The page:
In October, the total number of jobseekers decreased from 3,606.3k to 3,549.7k. Coupled with progress towards a COVID-19 vaccine, the numbers supported the CAC40.

From the ECB, the Financial Stability Review also failed to move the dial.

Salient points from the review included:

  • The coronavirus pandemic, and its impact on macroeconomic prospects as well as sovereign, corporate, and household balance sheets, continue to dominate the outlook for euro area financial stability.
  • Near-term financial stability risks are contained by massive policy impact. A premature end to schemes could challenge corporates and households, however.
  • Medium-term vulnerabilities have increased with rising debt burdens. Euro area banks, which have shown resilience so far, face a combination of growth asset quality concerns, persistent structural problems, and ongoing pressures on profitability.
  • Macroprudential policy must continue to focus on leaning against undue deleveraging, supporting capital buffer usability, and developing an effective framework for the non-bank financial sector.
  • The euro area economy faces a fragile and uneven recovery, notwithstanding considerable policy support.
  • Downside risks that remain include an adverse outcome of Brexit negotiations. On the plus, the availability of a vaccine in the near future may help the euro area return to pre-pandemic levels of economic activity faster.

From the U.S

It was a particularly busy day on the economic data front. Key stats included the weekly jobless claims, core durable goods, 3rd quarter GDP, and personal spending figures.

In the 3rd quarter, the economy expanded by 33.1%, according to the 2nd estimate figures. This was in line with the 1st estimate while coming up short of a forecasted 33.2%.

Core durable goods orders rose by 1.3% in October, following a 1.5% increase in September. Economists had forecast a 0.5% rise.

Personal spending followed a 1.2% increase in September with a 0.5% rise in October. Economists had forecast a 0.4% rise.

On the employment front, initial jobless claims stood at 778k in the week ending 20th November. This was up from the week prior’s 742k and was another signal that the labor market recovery was stalling.

The FED

From the FED, the FOMC meeting minutes were released after the European close, which was focused heavily on the effects of the COVID-19 pandemic.

Salient points from the Committee Policy Action section included:

  • Economic activity and employment had continued to recover but remained well below their levels at the beginning of the year.
  • Weaker demand and earlier declines in oil prices had been holding down consumer price inflation.
  • The FED was committed to using its full range of tools to support the U.S economy in this challenging time.
  • Members stated that the path of the economy would significantly depend on the course of the virus.
  • Additionally, members agreed that the ongoing health crisis would continue to weigh on economic activity, employment, and inflation in the near-term. This was posing considerable risks to the economic outlook over the medium-term.
  • Members expected to maintain an accommodative stance on monetary policy until inflation moved moderately above 2% and maximum employment was achieved.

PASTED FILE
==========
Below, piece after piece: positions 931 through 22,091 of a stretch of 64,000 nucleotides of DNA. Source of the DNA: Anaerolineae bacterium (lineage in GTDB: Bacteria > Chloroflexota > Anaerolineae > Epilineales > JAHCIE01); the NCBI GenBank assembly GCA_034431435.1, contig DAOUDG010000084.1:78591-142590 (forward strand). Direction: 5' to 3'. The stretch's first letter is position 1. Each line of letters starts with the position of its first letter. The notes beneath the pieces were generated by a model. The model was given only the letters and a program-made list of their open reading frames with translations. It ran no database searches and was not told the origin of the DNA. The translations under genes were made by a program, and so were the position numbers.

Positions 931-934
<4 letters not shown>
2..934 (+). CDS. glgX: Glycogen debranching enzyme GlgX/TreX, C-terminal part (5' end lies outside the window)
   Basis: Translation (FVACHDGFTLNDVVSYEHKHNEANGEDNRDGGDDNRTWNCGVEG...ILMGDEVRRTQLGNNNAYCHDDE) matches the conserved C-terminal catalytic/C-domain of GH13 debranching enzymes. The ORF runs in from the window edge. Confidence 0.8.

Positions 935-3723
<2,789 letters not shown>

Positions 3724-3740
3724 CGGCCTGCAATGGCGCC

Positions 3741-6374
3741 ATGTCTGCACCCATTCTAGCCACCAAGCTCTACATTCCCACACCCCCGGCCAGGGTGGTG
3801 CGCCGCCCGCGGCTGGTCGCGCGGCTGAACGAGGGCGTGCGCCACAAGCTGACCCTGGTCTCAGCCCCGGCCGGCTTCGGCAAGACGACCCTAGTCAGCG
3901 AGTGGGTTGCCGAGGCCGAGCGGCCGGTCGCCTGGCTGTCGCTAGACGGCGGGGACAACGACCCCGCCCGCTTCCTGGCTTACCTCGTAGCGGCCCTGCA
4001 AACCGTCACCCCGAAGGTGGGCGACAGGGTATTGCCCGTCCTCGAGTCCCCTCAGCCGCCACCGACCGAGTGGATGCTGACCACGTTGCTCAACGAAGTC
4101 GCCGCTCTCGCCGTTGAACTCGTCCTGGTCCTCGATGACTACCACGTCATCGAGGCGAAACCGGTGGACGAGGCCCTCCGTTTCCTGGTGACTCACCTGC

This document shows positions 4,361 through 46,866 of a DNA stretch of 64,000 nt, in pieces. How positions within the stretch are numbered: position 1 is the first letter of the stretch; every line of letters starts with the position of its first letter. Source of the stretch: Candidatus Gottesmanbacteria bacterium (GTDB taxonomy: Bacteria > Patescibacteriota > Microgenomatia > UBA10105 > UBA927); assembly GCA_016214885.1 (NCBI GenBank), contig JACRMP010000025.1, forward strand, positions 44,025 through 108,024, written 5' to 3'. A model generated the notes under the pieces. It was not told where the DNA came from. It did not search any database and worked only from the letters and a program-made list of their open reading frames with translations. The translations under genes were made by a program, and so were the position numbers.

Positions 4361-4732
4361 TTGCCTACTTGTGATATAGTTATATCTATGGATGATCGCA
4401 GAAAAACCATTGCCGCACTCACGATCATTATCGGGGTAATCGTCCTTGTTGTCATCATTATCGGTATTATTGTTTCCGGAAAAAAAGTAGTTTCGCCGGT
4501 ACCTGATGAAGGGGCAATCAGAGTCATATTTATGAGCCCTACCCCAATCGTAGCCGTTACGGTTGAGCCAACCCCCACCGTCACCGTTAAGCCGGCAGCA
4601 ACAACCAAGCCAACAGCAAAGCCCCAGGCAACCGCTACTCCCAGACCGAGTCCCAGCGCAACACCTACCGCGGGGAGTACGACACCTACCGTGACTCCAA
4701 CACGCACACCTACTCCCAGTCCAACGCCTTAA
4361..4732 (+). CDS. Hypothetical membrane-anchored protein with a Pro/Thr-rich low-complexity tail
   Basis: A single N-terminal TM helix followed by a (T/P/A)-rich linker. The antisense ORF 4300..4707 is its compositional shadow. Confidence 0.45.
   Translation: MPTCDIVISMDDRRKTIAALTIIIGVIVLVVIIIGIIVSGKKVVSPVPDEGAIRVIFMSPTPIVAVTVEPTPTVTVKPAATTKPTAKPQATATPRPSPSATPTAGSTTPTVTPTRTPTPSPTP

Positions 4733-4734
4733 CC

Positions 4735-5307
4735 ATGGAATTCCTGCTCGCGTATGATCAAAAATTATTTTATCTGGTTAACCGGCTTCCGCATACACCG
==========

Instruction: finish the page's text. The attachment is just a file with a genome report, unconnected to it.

• Over the coming months, it would be appropriate for the FED to increase its holdings of Treasury Securities and agency MBS.
  • The FED would continue to monitor the implications of incoming information for the economic outlook and would be prepared to adjust the stance on monetary policy as appropriate.
  • Considerations would include readings on public health, labor market conditions, inflation pressures, and expectations, and financial and international developments.

The Market Movers

For the DAX: It was a bearish day for the auto sector on Wednesday. Volkswagen slid by 2.43% to lead the way down, with BMW and Daimler seeing losses of 1.69% and 1.24% respectively. Continental ended the day down by a more modest 0.46%.

It was also a bearish day for the banks. Deutsche Bank fell by 1.06%, with Commerzbank sliding by 2.85%.

From the CAC, it was a relatively bullish day for the banks. Credit Agricole and Soc Gen rose by 0.53% and by 0.93% respectively. BNP Paribas eked out a 0.05% gain on the day.

It was also a bullish day for the French auto sector. Peugeot and Renault ended the day with gains of 0.63% and 0.22% respectively.

Air France-KLM followed Tuesday’s 11.07% surge with a 2.1% gain, while Airbus SE slid by 2.14%.

On the VIX Index

It was a 3rd consecutive day in the red for the VIX on Wednesday. Following a 4.50% decline on Tuesday, the VIX fell by 1.80% to end the day at 21.25.

The downside for the VIX came in spite of the Dow and S&P500 seeing red on Wednesday. Disappointing economic data from the U.S left the pair in the red for the day.

On Wednesday, the Dow and S&P500 fell by 0.58% and by 0.16% respectively, while the NASDAQ rose by 0.48%.

VIX 261120 Daily Chart

The Day Ahead

It’s a relatively quiet day ahead on the Eurozone economic calendar. German GfK Consumer Climate figures for December are due out later this morning.

With progress towards a COVID-19 vaccine, however, the DAX30 will likely be resilient to today’s numbers.

From the ECB, the ECB monetary policy meeting minutes will draw interest later in the day, however.

With the ECB assuring more support next month, the markets will be looking for some guidance on what to expect.

From the U.S, there are no material stats, with the U.S markets closed for Thanksgiving.

Away from the economic calendar, expect COVID-19 news updates and Brexit to also influence.

The Futures

In the futures markets, at the time of writing, the DAX was down by 0.50 points.

For a look at all of today’s economic events, check out our economic calendar.